The UN finally has a plan for dealing with dangerous asteroids

Surprisingly, until a vote last week there was no unified international programme for dealing with the possibility of an asteroid threat.

In the movies, the Americans stop the asteroids. As of this week that responsibility falls to the UN (sort of).

As a result of a vote by the General Assembly last week, the International Asteroid Warning Group will be conjured into existence as a place for countries around the world to share information about dangerous asteroids. Here’s Clara Moskowitz in Scientific American:

If astronomers detect an asteroid that poses a threat to Earth, the UN’s Committee on the Peaceful Uses of Outer Space will help coordinate a mission to launch a spacecraftto slam into the object and deflect it from its collision course. 

[Former astronaut Ed] Lu and other members of the Association of Space Explorers (ASE) recommended these steps to the UN as a first step to address at the long-neglected problem of errant space rocks. “No government in the world today has explicitly assigned the responsibility for planetary protection to any of its agencies,” ASE member Rusty Schweickart, who flew on the Apollo 9 mission in 1969, said Friday at the American Museum of Natural History. “NASA does not have an explicit responsibility to deflect an asteroid, nor does any other space agency.” The ASE advocates that each nation delegate responsibility for dealing with a potential asteroid impact to an internal agency - before the event is upon us.

The Committee on the Peaceful Uses of Outer Space referred to above is a body that’s been around since 1959. It’s something of a relic of the Cold War, as it was set up in the aftermath of the Sputnik launch in 1958, and it will fall to this committee to coordinate our global space defence if an asteroid comes our way.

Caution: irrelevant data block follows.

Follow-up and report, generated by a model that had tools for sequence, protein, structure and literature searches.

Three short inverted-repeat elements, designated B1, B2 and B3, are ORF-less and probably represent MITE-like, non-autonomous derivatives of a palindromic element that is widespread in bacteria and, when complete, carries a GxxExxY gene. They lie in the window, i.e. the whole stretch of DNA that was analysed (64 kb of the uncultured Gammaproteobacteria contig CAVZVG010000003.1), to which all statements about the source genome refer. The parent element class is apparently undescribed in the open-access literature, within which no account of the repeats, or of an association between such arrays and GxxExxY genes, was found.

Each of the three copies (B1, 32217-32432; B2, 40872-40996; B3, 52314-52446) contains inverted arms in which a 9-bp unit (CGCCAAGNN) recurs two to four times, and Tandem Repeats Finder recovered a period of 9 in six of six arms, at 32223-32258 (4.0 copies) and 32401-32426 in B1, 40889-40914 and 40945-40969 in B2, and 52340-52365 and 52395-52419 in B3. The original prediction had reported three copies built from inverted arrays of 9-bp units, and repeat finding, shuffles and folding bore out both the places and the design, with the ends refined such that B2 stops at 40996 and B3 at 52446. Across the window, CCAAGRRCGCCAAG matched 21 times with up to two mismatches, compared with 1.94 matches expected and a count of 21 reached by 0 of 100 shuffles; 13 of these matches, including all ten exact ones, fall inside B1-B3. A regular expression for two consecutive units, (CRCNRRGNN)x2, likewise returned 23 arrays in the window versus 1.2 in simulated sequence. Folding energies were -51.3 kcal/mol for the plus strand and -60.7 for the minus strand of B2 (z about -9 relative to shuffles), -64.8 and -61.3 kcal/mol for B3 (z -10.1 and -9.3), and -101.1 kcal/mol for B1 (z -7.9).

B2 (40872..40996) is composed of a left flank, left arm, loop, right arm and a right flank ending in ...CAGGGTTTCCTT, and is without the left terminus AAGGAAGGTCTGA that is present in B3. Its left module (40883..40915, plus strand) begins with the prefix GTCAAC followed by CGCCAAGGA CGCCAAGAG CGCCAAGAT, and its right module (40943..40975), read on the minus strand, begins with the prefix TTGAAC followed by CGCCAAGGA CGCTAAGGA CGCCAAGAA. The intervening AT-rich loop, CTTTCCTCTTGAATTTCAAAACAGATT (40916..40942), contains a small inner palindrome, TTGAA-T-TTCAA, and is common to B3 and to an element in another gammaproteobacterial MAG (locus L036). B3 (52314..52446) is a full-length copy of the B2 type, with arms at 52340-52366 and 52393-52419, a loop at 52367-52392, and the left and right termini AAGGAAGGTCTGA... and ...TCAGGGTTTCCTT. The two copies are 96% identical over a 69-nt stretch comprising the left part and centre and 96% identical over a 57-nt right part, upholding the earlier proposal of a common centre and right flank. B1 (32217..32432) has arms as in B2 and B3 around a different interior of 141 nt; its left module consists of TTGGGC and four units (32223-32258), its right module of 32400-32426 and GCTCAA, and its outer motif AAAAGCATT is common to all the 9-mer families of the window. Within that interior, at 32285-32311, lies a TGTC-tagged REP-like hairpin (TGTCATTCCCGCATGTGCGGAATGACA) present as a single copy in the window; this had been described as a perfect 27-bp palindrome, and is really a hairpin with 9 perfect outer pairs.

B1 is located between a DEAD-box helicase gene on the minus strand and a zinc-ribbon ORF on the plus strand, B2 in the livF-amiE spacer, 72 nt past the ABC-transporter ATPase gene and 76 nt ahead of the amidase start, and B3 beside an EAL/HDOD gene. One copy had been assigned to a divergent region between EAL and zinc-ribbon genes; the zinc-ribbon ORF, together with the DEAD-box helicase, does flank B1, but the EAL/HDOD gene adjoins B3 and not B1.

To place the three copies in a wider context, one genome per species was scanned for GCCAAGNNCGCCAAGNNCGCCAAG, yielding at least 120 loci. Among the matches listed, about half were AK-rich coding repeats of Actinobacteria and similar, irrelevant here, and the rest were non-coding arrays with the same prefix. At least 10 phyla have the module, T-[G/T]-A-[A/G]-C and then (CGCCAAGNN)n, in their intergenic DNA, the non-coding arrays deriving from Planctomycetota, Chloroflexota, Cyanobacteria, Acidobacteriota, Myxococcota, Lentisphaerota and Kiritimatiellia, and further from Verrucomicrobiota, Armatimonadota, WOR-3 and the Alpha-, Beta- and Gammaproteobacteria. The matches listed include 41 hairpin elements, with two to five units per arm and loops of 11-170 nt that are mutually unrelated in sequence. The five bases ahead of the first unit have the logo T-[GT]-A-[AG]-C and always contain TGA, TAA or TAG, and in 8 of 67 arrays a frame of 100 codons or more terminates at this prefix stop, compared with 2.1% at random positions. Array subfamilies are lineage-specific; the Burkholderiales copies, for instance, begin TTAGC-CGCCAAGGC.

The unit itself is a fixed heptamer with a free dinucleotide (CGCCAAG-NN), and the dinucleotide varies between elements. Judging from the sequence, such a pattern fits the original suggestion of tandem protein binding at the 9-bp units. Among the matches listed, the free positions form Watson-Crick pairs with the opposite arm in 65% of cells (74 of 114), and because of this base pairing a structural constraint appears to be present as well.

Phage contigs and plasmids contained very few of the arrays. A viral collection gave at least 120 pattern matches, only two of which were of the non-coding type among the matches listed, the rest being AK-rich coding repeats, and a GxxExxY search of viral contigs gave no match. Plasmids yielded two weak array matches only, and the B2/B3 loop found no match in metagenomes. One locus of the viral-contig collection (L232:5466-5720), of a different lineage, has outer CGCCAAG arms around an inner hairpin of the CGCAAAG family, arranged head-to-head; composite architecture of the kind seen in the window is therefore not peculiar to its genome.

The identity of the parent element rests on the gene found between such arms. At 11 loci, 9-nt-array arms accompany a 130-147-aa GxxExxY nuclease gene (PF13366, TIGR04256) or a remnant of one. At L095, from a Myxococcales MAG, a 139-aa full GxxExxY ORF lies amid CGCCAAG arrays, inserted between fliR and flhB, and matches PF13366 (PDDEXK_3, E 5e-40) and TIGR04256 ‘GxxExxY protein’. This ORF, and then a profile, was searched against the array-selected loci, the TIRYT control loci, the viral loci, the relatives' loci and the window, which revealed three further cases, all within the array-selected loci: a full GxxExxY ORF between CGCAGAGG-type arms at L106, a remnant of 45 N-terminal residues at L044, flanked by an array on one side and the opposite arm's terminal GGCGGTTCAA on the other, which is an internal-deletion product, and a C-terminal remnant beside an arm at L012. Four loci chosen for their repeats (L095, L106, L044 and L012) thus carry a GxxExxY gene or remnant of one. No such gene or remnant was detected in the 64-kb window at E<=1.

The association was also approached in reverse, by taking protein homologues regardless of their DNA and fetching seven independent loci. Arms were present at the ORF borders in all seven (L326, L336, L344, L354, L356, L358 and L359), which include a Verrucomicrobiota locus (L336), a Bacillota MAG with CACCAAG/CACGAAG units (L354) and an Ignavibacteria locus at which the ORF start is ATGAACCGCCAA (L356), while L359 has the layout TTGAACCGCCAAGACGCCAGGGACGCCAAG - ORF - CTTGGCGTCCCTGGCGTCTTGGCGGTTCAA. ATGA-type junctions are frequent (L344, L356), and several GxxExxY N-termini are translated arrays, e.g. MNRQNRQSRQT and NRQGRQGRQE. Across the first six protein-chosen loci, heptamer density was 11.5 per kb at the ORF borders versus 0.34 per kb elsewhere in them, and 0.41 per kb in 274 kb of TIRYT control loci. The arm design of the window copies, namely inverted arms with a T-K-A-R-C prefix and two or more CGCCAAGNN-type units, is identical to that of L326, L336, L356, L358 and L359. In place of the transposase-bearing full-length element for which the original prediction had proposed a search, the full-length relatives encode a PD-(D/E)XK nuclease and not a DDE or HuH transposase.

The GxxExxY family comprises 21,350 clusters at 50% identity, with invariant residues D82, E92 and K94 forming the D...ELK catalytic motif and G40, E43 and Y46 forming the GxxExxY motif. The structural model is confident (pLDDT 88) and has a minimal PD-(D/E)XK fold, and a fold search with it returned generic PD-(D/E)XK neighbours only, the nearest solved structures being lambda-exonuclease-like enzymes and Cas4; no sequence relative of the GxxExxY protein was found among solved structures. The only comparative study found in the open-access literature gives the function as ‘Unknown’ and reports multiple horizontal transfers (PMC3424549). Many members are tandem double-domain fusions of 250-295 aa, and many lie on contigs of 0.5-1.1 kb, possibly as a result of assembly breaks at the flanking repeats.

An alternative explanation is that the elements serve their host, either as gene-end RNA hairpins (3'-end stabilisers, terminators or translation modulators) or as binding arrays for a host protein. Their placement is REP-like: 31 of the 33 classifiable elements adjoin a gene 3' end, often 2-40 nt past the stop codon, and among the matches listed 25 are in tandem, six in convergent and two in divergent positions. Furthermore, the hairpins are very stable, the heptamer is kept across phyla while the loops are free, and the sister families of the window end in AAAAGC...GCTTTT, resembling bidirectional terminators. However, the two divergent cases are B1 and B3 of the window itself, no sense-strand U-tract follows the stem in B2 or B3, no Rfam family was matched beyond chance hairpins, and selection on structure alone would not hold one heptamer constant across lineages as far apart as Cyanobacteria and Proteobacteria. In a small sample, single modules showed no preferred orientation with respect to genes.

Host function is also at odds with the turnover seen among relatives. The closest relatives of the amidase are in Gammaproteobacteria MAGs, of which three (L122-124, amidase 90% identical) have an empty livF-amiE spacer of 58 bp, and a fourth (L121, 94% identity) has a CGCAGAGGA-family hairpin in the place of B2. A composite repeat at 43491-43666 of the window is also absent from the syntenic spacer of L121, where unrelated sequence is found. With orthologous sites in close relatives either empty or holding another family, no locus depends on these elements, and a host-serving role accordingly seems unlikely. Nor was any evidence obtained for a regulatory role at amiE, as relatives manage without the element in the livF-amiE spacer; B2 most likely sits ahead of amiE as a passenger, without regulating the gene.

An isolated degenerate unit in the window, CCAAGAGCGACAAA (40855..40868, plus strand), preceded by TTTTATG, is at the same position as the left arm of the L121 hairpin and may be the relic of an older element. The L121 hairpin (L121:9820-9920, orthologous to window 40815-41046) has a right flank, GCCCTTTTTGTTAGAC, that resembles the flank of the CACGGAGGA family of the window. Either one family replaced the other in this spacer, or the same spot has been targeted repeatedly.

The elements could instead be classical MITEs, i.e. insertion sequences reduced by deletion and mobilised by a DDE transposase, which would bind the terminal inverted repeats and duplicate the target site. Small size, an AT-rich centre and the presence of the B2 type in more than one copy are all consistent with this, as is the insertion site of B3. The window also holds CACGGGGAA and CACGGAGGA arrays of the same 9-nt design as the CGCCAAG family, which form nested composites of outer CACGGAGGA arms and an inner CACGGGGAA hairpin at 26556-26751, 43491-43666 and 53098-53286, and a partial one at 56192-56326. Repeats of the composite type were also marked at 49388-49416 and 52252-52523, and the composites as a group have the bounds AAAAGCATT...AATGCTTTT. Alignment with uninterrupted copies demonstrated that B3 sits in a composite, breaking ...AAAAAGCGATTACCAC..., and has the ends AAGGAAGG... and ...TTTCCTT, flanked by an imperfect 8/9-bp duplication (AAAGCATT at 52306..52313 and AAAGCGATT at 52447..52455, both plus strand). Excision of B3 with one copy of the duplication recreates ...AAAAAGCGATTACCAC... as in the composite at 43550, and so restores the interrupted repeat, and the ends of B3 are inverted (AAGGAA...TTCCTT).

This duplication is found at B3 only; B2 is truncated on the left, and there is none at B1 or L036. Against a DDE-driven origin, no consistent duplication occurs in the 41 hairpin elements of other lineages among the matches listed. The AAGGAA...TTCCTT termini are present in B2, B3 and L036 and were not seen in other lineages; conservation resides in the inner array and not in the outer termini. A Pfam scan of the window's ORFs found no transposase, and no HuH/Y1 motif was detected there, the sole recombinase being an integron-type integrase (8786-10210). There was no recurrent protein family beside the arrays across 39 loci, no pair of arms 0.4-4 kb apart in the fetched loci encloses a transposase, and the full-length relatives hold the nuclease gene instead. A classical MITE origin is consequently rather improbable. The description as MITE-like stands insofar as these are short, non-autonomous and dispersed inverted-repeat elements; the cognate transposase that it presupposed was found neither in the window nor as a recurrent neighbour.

Something to consider here is that we don’t have a proven method of stopping an asteroid, so coordinating research into that kind of technology might be one of the committee’s first tasks. Possible methods proposed by scientists include explosions (obviously), deflection with a large object, ion beams, powerful lasers, and even converting it into a kind of rocky spaceship by attaching spaceship engines to it.

Even if governments aren’t totally on the ball when it comes to spotting asteroids, however, there are private organisations that are also watching the skies. Ed Lu (mentioned above) has flown on the space shuttle and carried out a mission aboard the International Space Station, and was one of those who recommended the creation of the International Asteroid Warning Group to the UN. He’s also the founder of the B612 Foundation, which is planning on launching its own asteroid-seeking space telescope (Sentinel) in 2017. B612, by the way, is the name of the asteroid that Antoine de Saint-Exupéry’s Little Prince lives on.

Scientific American quotes Lu as claiming that there are a hundred times more asteroids “out there” than we’ve found so far. Is that true? Probably.

According to Nasa, we’ve found 95 percent of asteroids that pose a danger to Earth that are bigger than 1km in diameter. That’s good - those are the ones that would cause mass extinctions (including our own). But we also know that it doesn’t take even a tenth of that to cause widespread destruction. The asteroid that caused the Tunguska event is estimated to have been at least 60m wide, while the Chelyabinsk meteor was probably no larger than 20 metres and injured nearly 2,000 people.

Nasa thinks that there are probably around 19,000 asteroids between 100 metres and 1km in size that post a risk to Earth, and millions more that are smaller even than that. We’ll be able to deflect asteroids (hopefully) if we have enough warning that they’re coming, and we’ll spot them further in advance the bigger they are. And while a civilisation-killing piece of deadly space rock isn’t quite as dramatic, the random chances of death from above on a smaller town, city, or village-like scale is still a rather worrying prospect.

The United Nations headquarters. (Image: Getty)

Ian Steadman is a staff science and technology writer at the New Statesman. He is on Twitter as @iansteadman.

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Fark.com’s censorship story is a striking insight into Google’s unchecked power